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I created a windows service that's basically a file watcher that wont run unless a user is logged into the machine its on.

The service is running on a Windows Server 2003 machine. It is designed to listen for excel files in a folder. When there is a excel file, it starts to send some information to a web service. When it's done, it copies the processed file to a archive folder.

Can anyone help me?

Best regards Baris

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no, nobody can help you. You got to describe problem better, give us some code, does your service interact with desktop, user acc under your service is running etc – Antonio Bakula May 7 '12 at 14:36
Which user account is the service running under? What are error messages you're getting? What's in the Windows event log? – Thorsten Dittmar May 7 '12 at 14:39
What is your question? Do you mean (1) the service is supposed to only run when a user is logged on, and you need to know how to do that; or (2) the service is supposed to run when nobody is logged on, but doesn't? – Harry Johnston May 8 '12 at 6:16

Run it as a user that has rights to log on as service on the machine. Make sure this user has an access to the directory you watch.

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What i always do in a scenario like that is give the user logon as batch job and logon as a service rights.
1 of these 2 will most likely fix your problem.
You can configure this in the local group policy editor as described here

Be aware though that if your computer is in a domain it is possible that the group policy gets pushed to the server every 15 mins so you might have to talk to a system admin to get things sorted.

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When you actually only want to run when someone is logged in, do not use a service but an autostart application in that case.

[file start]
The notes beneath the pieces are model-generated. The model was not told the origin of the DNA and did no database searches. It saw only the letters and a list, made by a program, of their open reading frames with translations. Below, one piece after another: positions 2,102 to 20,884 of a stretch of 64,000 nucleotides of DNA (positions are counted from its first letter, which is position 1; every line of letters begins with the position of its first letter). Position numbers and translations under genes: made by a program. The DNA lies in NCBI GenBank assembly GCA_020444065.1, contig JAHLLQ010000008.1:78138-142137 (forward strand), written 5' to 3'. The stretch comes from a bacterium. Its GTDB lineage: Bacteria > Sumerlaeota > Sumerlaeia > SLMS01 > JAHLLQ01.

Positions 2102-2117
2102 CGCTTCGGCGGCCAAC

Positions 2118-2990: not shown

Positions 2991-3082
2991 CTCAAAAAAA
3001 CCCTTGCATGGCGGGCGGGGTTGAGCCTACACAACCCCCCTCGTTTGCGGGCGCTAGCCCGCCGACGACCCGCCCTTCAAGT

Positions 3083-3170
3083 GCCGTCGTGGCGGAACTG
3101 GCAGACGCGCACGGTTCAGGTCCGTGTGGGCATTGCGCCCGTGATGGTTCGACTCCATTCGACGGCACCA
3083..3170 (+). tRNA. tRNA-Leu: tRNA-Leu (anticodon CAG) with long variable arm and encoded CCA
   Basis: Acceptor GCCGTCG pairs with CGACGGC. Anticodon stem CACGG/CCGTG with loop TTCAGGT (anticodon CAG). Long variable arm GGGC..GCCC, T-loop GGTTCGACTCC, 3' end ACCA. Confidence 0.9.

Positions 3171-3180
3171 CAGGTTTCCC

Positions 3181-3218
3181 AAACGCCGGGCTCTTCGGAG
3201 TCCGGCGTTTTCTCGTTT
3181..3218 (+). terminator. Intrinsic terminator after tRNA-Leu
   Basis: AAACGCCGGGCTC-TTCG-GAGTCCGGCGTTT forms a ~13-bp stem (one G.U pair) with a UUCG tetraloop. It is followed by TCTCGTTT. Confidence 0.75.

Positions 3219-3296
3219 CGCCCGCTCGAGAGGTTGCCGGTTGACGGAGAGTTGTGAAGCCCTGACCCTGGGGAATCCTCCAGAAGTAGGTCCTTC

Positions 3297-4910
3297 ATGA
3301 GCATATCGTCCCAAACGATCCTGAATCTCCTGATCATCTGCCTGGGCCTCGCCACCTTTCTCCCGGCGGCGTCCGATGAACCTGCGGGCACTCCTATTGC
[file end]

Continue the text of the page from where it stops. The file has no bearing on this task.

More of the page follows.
If you have to be a service because of account privileges, the service may detect the current logins itself, but you may combine a service with a client (autostart) application that connects to the service. That way, you can also show tray incos, status informations and enable the user to control your service using the client application. Using Win7 and higher, services themselves (running in session 0) can no longer display UI interactions on the user's desktop.

Keep in mind that there may be multiple users logged in on current operating systems...

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oh, I would really like why I got this downvote so I could enhance my answer (or even delete, if I misunderstood something...) – eFloh May 7 '12 at 17:26
I didn't downvote, but having both a service and an autostart application is unnecessary. If you've got a service, it can detect logins itself. – arx May 7 '12 at 19:13
I suspect that the OP may be wanting his service to work when nobody is logged on, and asking why it doesn't. Your interpretation is equally valid, though, so I've asked him to clarify. +1 for spotting the ambiguity! – Harry Johnston May 8 '12 at 6:18
@arx: The combination of service an autostart application enables you to have such things as tray icons with status or control functions. You are absolutely right, the service can detect the logins itself, I was already thinking about the status part meaning "hello service, please send status updates to me using [whatever protocol]" when writing about the login info. updated my text to reflect that part better – eFloh May 9 '12 at 9:34

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